Allegheny Power discusses power line plan at Boonsboro meeting

June 19, 2008|By JOSHUA BOWMAN

BOONSBORO -- Questions about electrical connectors, power grids and lattice towers were answered with precision.

But the question that went unanswered was the one everyone was there to ask.

"Where will it go? That's why I'm here," said Sara Gibson, one of dozens of residents who attended an open house meeting Wednesday night at American Legion Post 10 in Boonsboro.

The meeting was held by Allegheny Power to discuss a high-voltage power line that is proposed to run from West Virginia to Frederick County, Md.

The Potomac-Appalachian Transmission Highline (PATH) is planned to carry 765 kilovolts of electricity from a substation near St. Albans, W.Va., to another substation in Bedington, W.Va.


From there, twin transmission lines would carry 500 kilovolts each to a new substation to be built in Kemptown, Md.

The line's precise path has not been determined, but it could cut across southern Washington County, Allegheny Power spokesman Todd Meyers said.

"We're asking people to fill out questionnaires and surveys, and we'll use that information when we try to figure out where to put this line," Meyers said.

Allegheny held a similar public meeting Tuesday night in Frederick County.

In August, the power company will hold another series of public open houses in which people will be able to see several possible routes for the line.

More than 20 Allegheny Power employees were at the meeting Wednesday night, armed with maps, examples of tower structures and other information in an effort to answer people's questions.

Allegheny Power's Kristy Flavin pointed to a map of existing transmission lines as she talked to Boonsboro resident Denise Horner.

"In some places, it could go on top of what we've already got," Flavin said, noting that it might be possible to route the new transmission line along the path of existing lines.

Horner and others said they like that option because it seems to be the least disruptive.

"It probably makes the most sense that way," said Bethany Haner, who lives on Alternate U.S. 40.

Other people at the meeting said they were concerned about preserving parks, Antietam National Battlefield and other environmentally sensitive and historic areas.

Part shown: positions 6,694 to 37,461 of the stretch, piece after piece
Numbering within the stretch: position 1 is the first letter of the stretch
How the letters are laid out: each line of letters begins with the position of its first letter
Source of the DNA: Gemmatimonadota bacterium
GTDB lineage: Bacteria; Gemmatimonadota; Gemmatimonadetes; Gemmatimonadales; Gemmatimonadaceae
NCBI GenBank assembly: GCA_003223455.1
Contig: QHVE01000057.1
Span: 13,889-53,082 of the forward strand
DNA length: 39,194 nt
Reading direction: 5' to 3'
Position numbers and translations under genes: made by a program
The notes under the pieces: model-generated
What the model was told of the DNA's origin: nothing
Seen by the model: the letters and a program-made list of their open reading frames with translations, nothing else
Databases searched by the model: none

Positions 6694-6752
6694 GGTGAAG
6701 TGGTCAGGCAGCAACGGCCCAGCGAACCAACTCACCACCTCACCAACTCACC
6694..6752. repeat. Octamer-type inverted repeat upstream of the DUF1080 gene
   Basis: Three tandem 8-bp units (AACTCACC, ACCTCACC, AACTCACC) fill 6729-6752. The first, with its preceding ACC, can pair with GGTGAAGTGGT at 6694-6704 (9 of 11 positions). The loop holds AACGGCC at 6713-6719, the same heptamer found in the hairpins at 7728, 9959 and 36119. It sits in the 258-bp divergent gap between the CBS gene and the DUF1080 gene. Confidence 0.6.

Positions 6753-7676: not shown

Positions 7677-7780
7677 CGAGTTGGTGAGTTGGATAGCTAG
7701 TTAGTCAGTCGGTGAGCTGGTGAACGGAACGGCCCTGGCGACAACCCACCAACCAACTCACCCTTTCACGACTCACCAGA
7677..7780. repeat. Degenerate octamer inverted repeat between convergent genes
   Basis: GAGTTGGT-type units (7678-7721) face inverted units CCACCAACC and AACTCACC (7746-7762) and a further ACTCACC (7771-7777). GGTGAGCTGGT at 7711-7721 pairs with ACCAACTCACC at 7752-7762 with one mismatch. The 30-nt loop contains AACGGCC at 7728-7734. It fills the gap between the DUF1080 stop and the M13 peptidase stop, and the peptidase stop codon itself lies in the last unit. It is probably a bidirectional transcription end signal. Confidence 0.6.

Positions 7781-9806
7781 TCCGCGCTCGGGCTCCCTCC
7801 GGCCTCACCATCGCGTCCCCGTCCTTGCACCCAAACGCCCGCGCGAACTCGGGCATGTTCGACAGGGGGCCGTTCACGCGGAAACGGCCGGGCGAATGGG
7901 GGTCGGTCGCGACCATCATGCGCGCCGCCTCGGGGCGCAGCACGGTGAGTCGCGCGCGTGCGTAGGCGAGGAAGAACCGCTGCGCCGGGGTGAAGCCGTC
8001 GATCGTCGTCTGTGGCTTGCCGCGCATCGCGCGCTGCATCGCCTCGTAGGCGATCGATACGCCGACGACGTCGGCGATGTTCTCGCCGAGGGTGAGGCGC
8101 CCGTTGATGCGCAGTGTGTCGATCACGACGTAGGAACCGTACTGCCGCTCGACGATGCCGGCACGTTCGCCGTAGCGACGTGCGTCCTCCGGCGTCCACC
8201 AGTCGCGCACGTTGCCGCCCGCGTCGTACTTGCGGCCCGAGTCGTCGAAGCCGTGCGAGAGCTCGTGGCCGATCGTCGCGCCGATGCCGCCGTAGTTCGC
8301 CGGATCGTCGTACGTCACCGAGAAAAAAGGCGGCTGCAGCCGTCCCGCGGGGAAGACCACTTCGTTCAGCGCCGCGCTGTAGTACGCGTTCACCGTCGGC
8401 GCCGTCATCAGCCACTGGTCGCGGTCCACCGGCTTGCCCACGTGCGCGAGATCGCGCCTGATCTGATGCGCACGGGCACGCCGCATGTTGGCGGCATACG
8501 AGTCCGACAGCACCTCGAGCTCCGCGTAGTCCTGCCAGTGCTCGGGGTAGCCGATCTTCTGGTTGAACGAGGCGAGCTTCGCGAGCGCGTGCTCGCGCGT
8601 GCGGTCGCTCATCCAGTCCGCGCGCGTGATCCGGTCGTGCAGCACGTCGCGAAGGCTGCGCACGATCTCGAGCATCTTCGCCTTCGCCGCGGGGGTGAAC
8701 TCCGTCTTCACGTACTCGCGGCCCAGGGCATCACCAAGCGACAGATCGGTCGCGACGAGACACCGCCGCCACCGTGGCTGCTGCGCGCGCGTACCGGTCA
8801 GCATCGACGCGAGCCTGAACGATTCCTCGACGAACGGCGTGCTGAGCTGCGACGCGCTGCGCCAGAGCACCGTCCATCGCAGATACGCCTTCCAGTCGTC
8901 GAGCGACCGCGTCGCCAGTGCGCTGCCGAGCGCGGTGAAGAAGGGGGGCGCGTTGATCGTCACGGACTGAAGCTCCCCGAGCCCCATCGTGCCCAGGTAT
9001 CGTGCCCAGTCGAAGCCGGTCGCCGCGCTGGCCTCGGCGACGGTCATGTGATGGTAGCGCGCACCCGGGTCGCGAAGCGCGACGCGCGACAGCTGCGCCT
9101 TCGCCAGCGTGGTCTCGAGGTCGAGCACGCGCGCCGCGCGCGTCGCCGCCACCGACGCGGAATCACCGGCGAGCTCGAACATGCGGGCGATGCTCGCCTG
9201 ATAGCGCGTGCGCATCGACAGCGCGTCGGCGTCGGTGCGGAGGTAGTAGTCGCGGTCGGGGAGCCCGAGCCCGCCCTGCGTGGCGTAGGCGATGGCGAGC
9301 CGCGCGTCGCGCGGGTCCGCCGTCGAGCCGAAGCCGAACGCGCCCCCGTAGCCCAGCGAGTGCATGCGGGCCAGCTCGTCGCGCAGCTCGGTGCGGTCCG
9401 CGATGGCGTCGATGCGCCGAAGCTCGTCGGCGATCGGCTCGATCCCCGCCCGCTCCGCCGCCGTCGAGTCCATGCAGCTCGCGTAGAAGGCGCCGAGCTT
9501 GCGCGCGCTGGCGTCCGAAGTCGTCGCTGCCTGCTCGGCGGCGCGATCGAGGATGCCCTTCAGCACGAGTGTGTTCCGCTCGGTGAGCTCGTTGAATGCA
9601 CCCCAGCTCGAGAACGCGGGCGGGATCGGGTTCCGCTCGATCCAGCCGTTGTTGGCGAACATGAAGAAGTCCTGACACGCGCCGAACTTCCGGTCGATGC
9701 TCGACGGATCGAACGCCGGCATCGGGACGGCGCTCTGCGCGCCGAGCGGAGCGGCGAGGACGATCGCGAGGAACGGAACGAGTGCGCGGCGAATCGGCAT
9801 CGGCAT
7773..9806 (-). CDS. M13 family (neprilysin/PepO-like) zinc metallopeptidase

Allegheny Power and American Electric Power, which will share a portion of the 290 miles of lines, have been studying potential routes and are accounting for cultural and historic places, wetlands and endangered species and plants, Meyers said.

The companies will finish these studies and apply for regulatory approvals from the Maryland and West Virginia public service commissions by the end of this year.

The $1.8 billion power line is needed to accommodate rising demand for electricity and prevent blackouts projected as soon as 2012, according to PJM Interconnection, a nonprofit agency that controls the electricity grid in 13 mid-Atlantic states and Washington, D.C.

PJM authorized the construction of the PATH line in June 2007.

Allegheny and American Electric hope to finish building the line by 2012.

Keedysville-area resident Bill Bradley said he understands that the line is necessary and appreciated the meeting.

He said Allegheny should hold a presentation and public forum after a final route is chosen, however, which the power company has not planned to do.

"This is informative, but with a public forum you have people asking questions that other people might not have thought of," Bradley said. "It creates more group communication that you don't have here. So it would be nice if they did that."

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